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Old 04-26-2008, 04:40 PM
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Join Date: Apr 2008
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Casting for 5.56/.223

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I have been casting for my 1911's for a while, and am looking into casting for the ar-15. I have the S&W M&P15 (love it) Have heard both pro and con, mostly con....... What is the real wisdom, yes or no and I sure can't seem to find many mold options....? thanx
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Old 04-26-2008, 06:02 PM
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Join Date: Jul 2005
Posts: 6,014
Is too fast of a cartridge for me to concider cast bullets for. Single shot or bolt rifle "maybe"? Not a semi-auto. Nature of an AR-15 is not for cast bullets "in my view". Too many headaches to make it work(well).

Lots of decent deals for jacketed bullets out there. Factory ammo too!
I vote no. I also wish you well to experiment. No harm in trying.

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Old 04-26-2008, 06:10 PM
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Join Date: Feb 2004
Location: Peck, Idaho
Posts: 12,619
Welcome to the forum Bravo6. Rules are simple, be nice and join in. I'd recommend reading this sticky for general info for new folks here.

As for casting for the AR platforms in 223 keep in mind that the smaller the bore the harder it is to cast successfully. Also once you get cast bullet speeds much above 2500 fps it's much harder to keep barrels from leading. To assure a semi-auto operates correctly you need to keep certain pressure levels and you may not be able to do that with cast bullets in a .223 bore. That's one of the reasons you don't see much of a selection of cast bullet molds in the smaller calibers.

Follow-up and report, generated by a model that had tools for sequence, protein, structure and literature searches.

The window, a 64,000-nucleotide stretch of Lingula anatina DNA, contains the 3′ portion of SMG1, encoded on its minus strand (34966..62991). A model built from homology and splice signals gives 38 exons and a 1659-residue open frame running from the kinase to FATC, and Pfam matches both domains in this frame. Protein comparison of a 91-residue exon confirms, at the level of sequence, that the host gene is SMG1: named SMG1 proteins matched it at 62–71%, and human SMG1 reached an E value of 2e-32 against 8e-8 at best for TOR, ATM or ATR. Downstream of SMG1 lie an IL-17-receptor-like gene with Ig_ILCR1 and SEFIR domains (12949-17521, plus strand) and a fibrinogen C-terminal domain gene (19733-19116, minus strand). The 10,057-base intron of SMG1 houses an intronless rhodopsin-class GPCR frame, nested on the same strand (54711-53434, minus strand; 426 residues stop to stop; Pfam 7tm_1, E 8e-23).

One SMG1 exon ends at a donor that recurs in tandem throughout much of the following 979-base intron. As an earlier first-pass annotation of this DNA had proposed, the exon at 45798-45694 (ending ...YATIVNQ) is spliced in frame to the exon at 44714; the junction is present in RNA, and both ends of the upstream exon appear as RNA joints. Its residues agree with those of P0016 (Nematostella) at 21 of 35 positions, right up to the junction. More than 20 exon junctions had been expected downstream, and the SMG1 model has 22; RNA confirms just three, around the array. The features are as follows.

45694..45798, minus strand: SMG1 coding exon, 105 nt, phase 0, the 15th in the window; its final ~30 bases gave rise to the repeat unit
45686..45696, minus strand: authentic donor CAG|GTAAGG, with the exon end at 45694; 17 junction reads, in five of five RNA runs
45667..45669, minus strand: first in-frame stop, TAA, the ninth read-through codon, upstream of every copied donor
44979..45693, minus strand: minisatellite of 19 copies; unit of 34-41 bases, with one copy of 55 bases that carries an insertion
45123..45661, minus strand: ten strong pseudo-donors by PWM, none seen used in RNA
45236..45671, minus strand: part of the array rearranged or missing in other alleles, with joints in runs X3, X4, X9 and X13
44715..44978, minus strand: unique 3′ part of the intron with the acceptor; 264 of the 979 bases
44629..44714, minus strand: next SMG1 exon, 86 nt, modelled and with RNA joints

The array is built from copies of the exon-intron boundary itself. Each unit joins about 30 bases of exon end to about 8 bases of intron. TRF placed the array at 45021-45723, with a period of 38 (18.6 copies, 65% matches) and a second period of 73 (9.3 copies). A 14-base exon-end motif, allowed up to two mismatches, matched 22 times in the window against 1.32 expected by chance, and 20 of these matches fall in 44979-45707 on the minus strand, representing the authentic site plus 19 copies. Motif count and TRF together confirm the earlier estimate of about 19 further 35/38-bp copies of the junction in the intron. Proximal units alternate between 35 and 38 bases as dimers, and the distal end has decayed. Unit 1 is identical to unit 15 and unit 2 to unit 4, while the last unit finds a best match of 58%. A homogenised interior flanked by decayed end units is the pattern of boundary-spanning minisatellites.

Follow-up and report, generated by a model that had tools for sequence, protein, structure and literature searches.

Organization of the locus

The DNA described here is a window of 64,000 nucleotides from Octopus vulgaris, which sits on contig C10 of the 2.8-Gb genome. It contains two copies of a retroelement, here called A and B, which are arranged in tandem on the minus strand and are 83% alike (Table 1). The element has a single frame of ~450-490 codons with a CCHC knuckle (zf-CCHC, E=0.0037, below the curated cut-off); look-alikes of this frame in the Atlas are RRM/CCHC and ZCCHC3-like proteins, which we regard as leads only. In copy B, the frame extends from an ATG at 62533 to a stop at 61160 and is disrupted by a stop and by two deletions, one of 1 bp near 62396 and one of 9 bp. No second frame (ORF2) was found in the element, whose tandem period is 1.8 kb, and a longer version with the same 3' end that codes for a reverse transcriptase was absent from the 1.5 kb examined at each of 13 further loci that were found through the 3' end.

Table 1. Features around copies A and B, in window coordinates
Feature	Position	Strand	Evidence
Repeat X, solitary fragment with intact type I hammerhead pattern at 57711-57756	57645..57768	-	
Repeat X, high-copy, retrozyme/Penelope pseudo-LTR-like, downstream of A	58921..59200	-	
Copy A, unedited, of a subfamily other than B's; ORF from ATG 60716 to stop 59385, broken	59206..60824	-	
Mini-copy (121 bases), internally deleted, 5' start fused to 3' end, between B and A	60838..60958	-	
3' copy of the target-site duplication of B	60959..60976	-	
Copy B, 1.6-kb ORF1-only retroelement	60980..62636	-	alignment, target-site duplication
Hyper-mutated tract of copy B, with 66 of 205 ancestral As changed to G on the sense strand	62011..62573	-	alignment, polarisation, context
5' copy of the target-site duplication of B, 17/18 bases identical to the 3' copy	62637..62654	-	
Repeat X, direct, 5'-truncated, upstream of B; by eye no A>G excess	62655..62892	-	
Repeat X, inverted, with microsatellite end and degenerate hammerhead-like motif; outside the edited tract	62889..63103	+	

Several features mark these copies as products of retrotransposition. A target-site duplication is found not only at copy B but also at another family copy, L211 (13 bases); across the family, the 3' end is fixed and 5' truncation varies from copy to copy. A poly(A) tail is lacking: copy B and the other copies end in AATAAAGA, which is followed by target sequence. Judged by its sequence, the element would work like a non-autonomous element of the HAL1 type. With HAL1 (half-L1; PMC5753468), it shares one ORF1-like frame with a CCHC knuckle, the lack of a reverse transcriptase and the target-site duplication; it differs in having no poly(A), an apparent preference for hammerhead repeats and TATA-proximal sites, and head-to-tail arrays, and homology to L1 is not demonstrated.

I'm certainly no expert in the cast bullets for rifles field though and perhaps some of our other members will chime in here and give you some better dope.
Bob from Idaho
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Old 04-26-2008, 07:30 PM
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Join Date: Feb 2008
Location: soda springs idaho
Posts: 158
for the 223 the bullets need to be hard and near perfect with a gas check.
but not so hard that they break going from magazine to chamber.
near perfect so that the fast twist in the bbl will stabilize them without any accuracy problems. same reason they need to be hard.
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Old 04-26-2008, 08:28 PM
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Join Date: Aug 2004
Location: Alberta, Canada
Posts: 785
I have done shooting with Lyman 224415 - a 55 grain gas check flat nose bullet. However, while in a .223, I only had a Ruger No. 3 single shot. I never got around to casting with really hard alloys, such as Linotype; rather, I used my standard wheelweight with some tin alloys. I found that I didn't have much success over 1600 fps. The bullets started to slump and the accuracy went downhill (I recoverd the bullets from snow, so I know what they looked like). I had good short range accuracy with velocities down around 1200-1300 fps. All in all, it was difficult and not realy worth a lot more effort. The bullets needed to be perfect, as a minor imperfection means a lot more than it does on a .45 bullet.
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Old 04-26-2008, 09:01 PM
Join Date: Dec 2002
Location: Jefferson Parish (via N.O.)
Posts: 9,035
Have found most 22's good cast bullet rounds, but getting them loaded warm enough to cycle a semi-auto without problems might be a difficult project. When i loaded cast .223's for a mini-14 was content to use it as a straight pull repeater (manual operation).

IF i were to try, would start with a 55-60gr. gas checked bullet, probably size .225 (but would try them unsized as well), and load only warm enough to cycle the action....even then, would expect to take the rifle apart every couple of hundred rounds to clean it (even if it doesn't lead, burnt lube is going to build up in the gas system).

Agree the bullets will need to be hard,,,not just becasue of the fast twist and speed required for reliable functioning, but also becasue you'll likely crimp and it's a rough trip from magazine to chamber.
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